Language is evolving over the years. Nothing is really considered ‘wrong’, for ‘right’ is determined by how widely it’s used among humans in the world.
So you could really invent a word like ‘Eleven’ and use it as an exclamation over strange things. It just needs to go viral and have it on urban dictionary.
That’s the wonders of language. Always changing and debatable.
And now, we see how a commonly used expression is reported to be used by the Japanese instead of Singaporeans / Malaysians.
This word is ‘ALAMAK’.
As y’all know, ‘Alamak’ is often a substitute of “OMG”, “oh no” and it can be an expression for a state of shock, disappointment or disapproval.
Ask anyone what language ‘Alamak’ is and they would probably tell you it’s Malay.
Presently, there’s another school of thought for us to consider. Written as “あらまあ” in Japanese characters, it is pronounced with an “r” instead of an “l” (Ara mā). Listen to the pronunciation here.
According to Google translate, it is “oh well”:
While these are the first few images that appear on Google images:
Any Japanese lovers out there who can confirm the actual meaning of
Speculation has it that the locals took the expression from the Japanese during the Japanese Occupation of Singapore in World War II from 1942 to 1945. But it could be the other way round so there’s no definite answer.
In fact, there are similarities across languages all over the world.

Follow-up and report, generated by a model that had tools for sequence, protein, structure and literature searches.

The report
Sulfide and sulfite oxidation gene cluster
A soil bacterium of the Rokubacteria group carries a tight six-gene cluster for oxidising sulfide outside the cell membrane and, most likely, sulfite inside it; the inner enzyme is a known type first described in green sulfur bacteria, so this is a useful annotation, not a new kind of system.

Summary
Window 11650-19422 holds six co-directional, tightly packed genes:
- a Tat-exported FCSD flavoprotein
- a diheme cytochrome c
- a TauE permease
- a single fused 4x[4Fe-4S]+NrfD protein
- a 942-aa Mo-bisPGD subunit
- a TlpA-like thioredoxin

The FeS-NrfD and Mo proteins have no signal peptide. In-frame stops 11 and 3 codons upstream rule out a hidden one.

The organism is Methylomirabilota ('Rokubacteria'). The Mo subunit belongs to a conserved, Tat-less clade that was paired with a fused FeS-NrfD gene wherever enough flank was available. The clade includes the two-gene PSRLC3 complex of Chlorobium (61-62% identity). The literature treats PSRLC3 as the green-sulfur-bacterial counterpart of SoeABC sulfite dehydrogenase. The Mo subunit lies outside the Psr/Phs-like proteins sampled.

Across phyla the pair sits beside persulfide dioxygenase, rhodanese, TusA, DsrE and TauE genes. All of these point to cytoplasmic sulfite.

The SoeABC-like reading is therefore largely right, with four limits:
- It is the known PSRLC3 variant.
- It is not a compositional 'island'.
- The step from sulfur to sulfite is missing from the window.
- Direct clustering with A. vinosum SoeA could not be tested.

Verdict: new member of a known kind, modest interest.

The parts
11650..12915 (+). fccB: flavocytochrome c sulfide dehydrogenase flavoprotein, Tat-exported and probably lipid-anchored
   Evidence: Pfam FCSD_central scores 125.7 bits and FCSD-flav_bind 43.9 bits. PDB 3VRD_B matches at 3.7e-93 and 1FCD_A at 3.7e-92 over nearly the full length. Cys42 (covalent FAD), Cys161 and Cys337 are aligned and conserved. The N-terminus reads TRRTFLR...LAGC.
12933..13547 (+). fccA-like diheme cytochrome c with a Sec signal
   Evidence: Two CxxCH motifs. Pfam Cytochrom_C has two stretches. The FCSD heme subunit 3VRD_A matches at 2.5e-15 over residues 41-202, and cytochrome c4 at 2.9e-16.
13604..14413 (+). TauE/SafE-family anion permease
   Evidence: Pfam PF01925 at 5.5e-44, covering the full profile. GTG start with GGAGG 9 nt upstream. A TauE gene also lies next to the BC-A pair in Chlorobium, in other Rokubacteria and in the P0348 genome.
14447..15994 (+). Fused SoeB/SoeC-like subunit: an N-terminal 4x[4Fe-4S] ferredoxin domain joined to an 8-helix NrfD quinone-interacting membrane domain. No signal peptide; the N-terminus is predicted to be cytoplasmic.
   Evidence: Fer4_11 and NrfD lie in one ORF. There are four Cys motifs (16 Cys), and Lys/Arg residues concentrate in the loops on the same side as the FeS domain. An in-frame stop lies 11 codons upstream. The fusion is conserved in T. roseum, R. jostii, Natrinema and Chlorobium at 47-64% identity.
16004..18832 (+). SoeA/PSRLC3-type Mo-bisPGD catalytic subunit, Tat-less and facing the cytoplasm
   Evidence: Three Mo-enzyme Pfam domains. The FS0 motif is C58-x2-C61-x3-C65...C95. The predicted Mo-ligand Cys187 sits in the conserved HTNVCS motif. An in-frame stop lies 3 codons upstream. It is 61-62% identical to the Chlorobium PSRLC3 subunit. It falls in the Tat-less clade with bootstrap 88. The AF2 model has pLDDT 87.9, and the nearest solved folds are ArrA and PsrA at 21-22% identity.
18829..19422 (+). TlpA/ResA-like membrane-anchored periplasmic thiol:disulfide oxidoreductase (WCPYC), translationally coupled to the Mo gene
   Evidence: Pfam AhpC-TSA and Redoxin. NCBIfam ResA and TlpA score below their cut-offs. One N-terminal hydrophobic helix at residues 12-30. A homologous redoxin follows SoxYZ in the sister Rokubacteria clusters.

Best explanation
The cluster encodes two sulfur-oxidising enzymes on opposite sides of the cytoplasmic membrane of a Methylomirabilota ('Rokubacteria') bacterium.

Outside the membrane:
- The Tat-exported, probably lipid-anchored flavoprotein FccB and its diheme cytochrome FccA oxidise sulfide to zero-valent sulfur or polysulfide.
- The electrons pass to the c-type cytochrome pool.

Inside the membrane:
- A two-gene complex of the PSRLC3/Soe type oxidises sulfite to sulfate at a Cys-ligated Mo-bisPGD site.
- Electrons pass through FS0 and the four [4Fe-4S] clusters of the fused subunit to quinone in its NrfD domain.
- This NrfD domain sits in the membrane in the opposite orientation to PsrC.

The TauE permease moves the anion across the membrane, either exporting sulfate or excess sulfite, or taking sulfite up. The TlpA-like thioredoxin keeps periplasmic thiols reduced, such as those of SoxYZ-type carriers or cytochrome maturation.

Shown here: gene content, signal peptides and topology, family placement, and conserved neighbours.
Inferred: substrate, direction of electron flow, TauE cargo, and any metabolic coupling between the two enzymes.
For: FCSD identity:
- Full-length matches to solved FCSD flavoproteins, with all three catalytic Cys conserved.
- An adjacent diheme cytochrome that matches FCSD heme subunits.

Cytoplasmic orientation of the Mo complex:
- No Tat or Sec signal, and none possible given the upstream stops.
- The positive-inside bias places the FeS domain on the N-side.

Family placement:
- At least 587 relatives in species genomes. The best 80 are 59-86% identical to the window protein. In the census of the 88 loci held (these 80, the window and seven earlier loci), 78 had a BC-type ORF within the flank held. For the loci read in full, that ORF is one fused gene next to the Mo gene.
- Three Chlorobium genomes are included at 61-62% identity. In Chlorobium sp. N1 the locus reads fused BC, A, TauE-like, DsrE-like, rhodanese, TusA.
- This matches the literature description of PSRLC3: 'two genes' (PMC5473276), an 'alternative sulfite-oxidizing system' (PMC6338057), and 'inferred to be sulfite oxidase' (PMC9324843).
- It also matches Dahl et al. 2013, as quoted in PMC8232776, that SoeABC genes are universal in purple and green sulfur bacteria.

So I won’t say that it’s a “who copied who” kind of discussion but more a matter of lexical similarities in linguistics.
There are other words that are of higher mutual intelligibility – a relationship between languages or dialects in which speakers of different but related varieties can readily understand each other without prior familiarity.
Food for thought in the form of English / Malay / Japanese:
- America / Amerika / アメリカ (pronounced as “Amerika”)
- Camera / Kamera / カメラ (pronounced as “Kamera”)
- Memory / Memori / メモリ (pronounced as “Memori”)
- Guitar / Gitar / ギター (pronounced as “Gitā”)
- Panda / Panda / パンダ (pronounced as “Panda”)
The above translations are based on research and with the help of my very good friend, Google. So let us know if there’s anything wrong or anything else you would love to add to the list!
This is the reason why it’s sometimes easier for certain people to learn a new language because their mother tongue has a higher percentage in terms of lexical similarity with the new language they are learning.
With that said, English was evaluated to have a lexical similarity of 60% with German and 27% with French. So if there’s even anything new you want to pick up for the new year, make it German or French.
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